If my husband and I filed Chapter 13 last month but we just found out he is inheriting $40,000, do we have to give the money to the plan?
Question Details: My husband is inheriting from his late mother's Trust. She passed away 4 months ago.
An inheritance is deemed to be received when a beneficiary becomes entitled to it (i.e. at the time the person making the gift passes), not when they actually collect it. Therefore, your husband's inheritance affected your Chapter 13 filing; pursuant to your repayment plan most of your property becomes part of the bankruptcy estate. While a Chapter 13 trustee does not liquidate your property and distribute it to your creditors (as in a Chapter 7). in Chapter 13 you get to keep your property, however you must pay a certain amount of your debts back. Accordingly, if filing jointly and your spouse receives a significant inheritance, the trustee will want you to pay your creditors more (i.e. receiving an inheritance during a Chapter 13 can increase what you have to pay into your plan).
However, how much additional you may have to pay depends on when the inheritance is received. If it was within 180 days of filing your case, the trustee will most likely require unsecured creditors be paid at least an amount equal to the "non-exempt" portion of the inheritance. If the inheritance is received more than 180 days after filing, the trustee may propose that you pay the inheritance into your repayment plan. Not withstanding the foregoing, not all courts have ruled on this issue. For those that have so ruled, the majority have required the debtor to pay the inheritance into the plan; a few courts however, have allowed the debtor to keep their inheritances if they received it after the 180-day period passed.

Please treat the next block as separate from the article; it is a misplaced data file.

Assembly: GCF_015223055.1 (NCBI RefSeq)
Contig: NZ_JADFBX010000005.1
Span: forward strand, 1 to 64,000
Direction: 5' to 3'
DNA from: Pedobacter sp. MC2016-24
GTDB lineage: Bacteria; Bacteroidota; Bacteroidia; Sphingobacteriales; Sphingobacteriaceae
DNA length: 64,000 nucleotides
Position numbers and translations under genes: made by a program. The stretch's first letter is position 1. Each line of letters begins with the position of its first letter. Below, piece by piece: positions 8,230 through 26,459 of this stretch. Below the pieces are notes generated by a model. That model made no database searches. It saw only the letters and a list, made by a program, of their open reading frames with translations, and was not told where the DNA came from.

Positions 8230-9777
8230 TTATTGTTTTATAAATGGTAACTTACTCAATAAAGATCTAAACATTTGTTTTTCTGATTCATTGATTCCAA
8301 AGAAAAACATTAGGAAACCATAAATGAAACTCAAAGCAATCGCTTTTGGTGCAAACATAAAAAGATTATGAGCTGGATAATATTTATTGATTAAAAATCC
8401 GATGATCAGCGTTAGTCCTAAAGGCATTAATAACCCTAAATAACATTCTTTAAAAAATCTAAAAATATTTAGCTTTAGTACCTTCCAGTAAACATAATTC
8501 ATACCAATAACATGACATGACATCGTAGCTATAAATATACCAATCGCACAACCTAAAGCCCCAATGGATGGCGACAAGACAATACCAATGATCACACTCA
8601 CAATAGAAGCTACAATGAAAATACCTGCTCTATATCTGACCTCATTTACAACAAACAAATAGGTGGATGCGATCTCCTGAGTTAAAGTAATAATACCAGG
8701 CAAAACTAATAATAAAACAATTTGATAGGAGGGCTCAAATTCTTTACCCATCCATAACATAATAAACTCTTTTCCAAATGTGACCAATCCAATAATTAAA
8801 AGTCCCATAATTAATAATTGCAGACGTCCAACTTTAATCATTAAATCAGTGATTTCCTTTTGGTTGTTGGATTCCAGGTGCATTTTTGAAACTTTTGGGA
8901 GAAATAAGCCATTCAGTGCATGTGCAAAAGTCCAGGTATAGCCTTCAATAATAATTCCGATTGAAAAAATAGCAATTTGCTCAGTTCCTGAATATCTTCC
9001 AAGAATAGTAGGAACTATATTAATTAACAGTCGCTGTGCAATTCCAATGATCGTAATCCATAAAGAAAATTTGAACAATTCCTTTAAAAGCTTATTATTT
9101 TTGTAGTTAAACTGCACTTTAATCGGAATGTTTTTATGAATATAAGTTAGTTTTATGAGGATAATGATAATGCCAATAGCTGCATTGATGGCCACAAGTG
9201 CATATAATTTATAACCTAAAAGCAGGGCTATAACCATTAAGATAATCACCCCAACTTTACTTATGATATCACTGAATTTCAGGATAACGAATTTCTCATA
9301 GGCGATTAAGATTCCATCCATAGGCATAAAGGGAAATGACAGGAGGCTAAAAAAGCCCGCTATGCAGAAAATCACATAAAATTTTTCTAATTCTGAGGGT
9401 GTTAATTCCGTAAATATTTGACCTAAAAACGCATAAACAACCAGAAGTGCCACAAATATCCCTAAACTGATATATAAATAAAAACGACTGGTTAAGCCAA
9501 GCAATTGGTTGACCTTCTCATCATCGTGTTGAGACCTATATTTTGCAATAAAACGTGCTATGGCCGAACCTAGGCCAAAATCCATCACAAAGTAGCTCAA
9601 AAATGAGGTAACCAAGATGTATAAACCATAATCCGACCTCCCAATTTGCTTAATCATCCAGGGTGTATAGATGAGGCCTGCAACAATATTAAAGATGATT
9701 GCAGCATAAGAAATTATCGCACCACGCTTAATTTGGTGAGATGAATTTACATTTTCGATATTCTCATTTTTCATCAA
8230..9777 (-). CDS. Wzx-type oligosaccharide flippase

Since this is a very technical matter and can be affected by the particular jurisdiction that you filed in, you really should consult directly with a local bankruptcy attorney.